Genital herpes is a very common virus that can stay in the body for life, but it usually doesn’t lead to serious health problems. Genital herpes is caused by the Herpes Simplex Virus (HSV). There are two types, HSV-1 and HSV-2 and both can infect the genital and anal area and also the mouth and nose (cold sores).
No one should feel ashamed about having herpes and although it can’t be cured, it is worth noting that it is treatable.
Herpes is spread through skin-to-skin contact with infected areas, often during vaginal sex, oral sex, anal sex, and kissing. It is passed from one person to another through:
- unprotected vaginal, anal or oral sex
- receiving oral sex from someone who has a cold sore or is about to get one
- your genitals coming into contact with your partner’s genitals
- skin-to-skin contact during sex if the virus is active on the skin outside the area protected by a condom
- sharing sex toys without washing them or covering them with a condom with each use
- a person with whitlows (herpes on the hand) touching a partner’s vagina, genitals or anal area
You cannot get herpes from casual contact such as hugging.
Herpes causes outbreaks of itchy, painful blisters or sores that come and go. It is common for people with herpes to not notice the sores or mistake them for something else, so they might not know they’re infected. Herpes can spread even when you don’t have any sores or symptoms.
If you do develop symptoms you may experience:
- Flu-like symptoms such as fever, headache, aches and pains.
- Stinging, tingling or itching around the genitals.
- Small fluid-filled blisters appear anywhere in the genital or anal area, as well as the buttocks or tops of the thighs – these burst leaving small, red sores which can be very painful.
- Pain when peeing – due to the urine passing over the sores.
- Unusual vaginal or urethral discharge.
Symptoms might not appear for weeks or even years after you're infected with the herpes virus. If you have or start to develop signs or symptoms your healthcare provider will be able to confirm the diagnosis by taking a swab of fluid from the blisters in the affected area. The results can take up to one to two weeks. You might also be tested for other STIs with similar symptoms rule them out and be sure you receive the correct diagnosis and treatment.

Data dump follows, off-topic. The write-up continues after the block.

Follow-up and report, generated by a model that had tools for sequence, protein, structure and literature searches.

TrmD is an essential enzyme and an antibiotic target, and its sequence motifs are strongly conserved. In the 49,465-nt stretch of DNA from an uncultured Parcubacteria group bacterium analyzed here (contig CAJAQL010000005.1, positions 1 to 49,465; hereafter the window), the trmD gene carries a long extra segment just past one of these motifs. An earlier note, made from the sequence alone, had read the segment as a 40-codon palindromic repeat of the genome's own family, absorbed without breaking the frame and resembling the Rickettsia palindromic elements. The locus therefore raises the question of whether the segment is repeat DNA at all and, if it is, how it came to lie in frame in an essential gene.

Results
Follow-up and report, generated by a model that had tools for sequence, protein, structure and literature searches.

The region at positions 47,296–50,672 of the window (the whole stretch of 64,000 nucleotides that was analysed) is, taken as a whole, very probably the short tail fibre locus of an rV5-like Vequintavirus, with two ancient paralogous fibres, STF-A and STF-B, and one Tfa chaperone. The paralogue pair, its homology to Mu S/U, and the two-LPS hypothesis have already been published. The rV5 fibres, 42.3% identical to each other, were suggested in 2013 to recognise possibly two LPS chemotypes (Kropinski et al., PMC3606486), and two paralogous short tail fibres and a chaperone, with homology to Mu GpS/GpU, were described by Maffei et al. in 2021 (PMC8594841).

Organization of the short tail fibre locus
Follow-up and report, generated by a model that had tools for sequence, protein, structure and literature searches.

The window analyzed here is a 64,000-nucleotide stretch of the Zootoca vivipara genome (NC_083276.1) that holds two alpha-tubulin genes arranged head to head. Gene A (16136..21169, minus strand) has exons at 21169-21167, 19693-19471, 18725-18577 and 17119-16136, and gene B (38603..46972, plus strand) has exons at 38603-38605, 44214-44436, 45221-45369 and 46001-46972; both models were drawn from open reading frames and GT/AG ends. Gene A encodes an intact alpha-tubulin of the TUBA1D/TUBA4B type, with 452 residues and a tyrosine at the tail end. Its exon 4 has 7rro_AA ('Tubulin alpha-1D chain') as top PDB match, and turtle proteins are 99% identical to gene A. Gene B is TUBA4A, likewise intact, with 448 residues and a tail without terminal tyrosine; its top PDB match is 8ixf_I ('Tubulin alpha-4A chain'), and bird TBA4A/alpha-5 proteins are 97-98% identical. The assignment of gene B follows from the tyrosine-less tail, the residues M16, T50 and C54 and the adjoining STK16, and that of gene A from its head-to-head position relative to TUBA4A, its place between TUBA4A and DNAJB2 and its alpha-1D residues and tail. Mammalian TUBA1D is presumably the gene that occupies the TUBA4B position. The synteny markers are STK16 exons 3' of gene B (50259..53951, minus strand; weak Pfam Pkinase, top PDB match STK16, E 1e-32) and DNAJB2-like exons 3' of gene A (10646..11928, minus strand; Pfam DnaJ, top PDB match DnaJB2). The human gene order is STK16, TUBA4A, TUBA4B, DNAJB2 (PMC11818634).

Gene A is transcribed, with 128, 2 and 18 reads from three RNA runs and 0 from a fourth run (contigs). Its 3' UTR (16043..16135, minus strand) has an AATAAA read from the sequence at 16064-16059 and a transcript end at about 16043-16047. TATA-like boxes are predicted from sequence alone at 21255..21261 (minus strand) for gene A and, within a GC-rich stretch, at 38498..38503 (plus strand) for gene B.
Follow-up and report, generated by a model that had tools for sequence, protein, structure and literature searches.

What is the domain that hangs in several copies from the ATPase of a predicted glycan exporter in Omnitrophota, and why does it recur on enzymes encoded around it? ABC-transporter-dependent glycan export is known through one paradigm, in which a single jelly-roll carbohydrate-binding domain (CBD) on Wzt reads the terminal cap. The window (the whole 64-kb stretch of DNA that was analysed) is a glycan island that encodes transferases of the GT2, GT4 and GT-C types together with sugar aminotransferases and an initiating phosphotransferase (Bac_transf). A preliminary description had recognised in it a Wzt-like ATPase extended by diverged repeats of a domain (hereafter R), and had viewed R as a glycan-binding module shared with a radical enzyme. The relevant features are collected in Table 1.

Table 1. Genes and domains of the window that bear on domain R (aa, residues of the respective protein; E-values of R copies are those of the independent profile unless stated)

If you have genital herpes, your previous sexual partners should also get tested.
There’s no cure for herpes, but medication can ease your symptoms and reduce your chances of spreading the virus. Genital herpes will clear by itself, however, seeking treatment early can significantly reduce the time the outbreak lasts and speed up the healing process. It also reduces the risk of you passing it on to someone else.
You will be given antivirals which work by preventing the virus from multiplying, however it does not clear the virus from your body completely. Over time, outbreaks usually become less frequent.
To ease discomfort in the short term there are a few things you can do:
- Apply an ice pack or ice cubes in a plastic bag (do not apply ice directly to skin)
- Take a cool shower to soothe the blisters
- Apply a local, over-the-counter anaesthetic cream such as lidocaine
- Wash your hands before and after touching the infected area to avoid introducing bacteria
- Keep hydrated and drink extra fluids
- Wear loose, cotton clothing
- Use an over-the-counter painkiller to help with pain and discomfort
There are several ways to reduce the risk of infection and protect yourself and your partner from genital herpes. You can help prevent the spread of genital herpes by using a condom every time you have vaginal or anal sex and to cover the penis during oral sex and avoid sharing sex toys. However, herpes can still be passed on if the condom does not cover the infected area.
You should avoid vaginal, anal or oral sex if you or your partner have blisters or sores, or a tingle or itch indicating an outbreak is coming.
When used correctly and consistently, condoms are one of the most effective methods of protection against genital herpes and other STIs (including HIV).